• The soldiers fired the cannon. 士兵们开炮。
    • The cannon thundered in the hills. 大炮在山间轰鸣。
    24 condemned [kən'demd] condemned   第7级
    adj. 被责难的, 被宣告有罪的 动词condemn的过去式和过去分词
    • He condemned the hypocrisy of those politicians who do one thing and say another. 他谴责了那些说一套做一套的政客的虚伪。
    • The policy has been condemned as a regressive step. 这项政策被认为是一种倒退而受到谴责。
    25 conscientiously [kɒnʃɪ'enʃəslɪ] 3vBzrQ   第7级
    • He kept silent,eating just as conscientiously but as though everything tasted alike. 他一声不吭,闷头吃着,仿佛桌上的饭菜都一个味儿。 来自《简明英汉词典》
    • She discharged all the responsibilities of a minister conscientiously. 她自觉地履行部长的一切职责。 来自《简明英汉词典》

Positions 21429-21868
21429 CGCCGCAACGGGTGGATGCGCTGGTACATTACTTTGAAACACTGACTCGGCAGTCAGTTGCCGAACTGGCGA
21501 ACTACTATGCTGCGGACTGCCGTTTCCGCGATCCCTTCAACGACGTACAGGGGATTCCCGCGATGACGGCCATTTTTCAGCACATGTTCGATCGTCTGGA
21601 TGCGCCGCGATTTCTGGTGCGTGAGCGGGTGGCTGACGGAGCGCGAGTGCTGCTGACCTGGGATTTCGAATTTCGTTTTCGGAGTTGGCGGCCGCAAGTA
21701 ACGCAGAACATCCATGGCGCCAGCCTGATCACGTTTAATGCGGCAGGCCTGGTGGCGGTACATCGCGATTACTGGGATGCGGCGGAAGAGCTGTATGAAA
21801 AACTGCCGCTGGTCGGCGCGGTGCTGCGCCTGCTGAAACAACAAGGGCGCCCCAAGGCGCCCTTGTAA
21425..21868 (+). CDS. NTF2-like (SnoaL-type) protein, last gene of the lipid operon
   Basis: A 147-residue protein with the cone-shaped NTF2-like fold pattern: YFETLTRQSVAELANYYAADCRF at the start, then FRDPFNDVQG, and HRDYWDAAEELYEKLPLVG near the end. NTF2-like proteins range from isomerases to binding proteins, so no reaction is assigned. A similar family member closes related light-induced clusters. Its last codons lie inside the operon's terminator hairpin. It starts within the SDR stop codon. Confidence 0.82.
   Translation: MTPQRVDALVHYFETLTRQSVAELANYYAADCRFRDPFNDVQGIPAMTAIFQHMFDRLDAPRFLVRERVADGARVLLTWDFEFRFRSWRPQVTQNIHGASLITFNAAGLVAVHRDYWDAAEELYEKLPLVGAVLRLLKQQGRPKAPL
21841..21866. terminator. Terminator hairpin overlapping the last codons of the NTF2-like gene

26 softened ['sɒfənd] 19151c4e3297eb1618bed6a05d92b4fe   第7级
    (使)变软( soften的过去式和过去分词 ); 缓解打击; 缓和; 安慰
    • His smile softened slightly. 他的微笑稍柔和了些。
    • The ice cream softened and began to melt. 冰淇淋开始变软并开始融化。
    27 corporate [ˈkɔ:pərət] 7olzl   第7级
    • This is our corporate responsibility. 这是我们共同的责任。
    • His corporate's life will be as short as a rabbit's tail. 他的公司的寿命是兔子尾巴长不了。
    28 gender [ˈdʒendə(r)] slSyD   第8级
    • French differs from English in having gender for all nouns. 法语不同于英语,所有的名词都有性。
    • Women are sometimes denied opportunities solely because of their gender. 妇女有时仅仅因为性别而无法获得种种机会。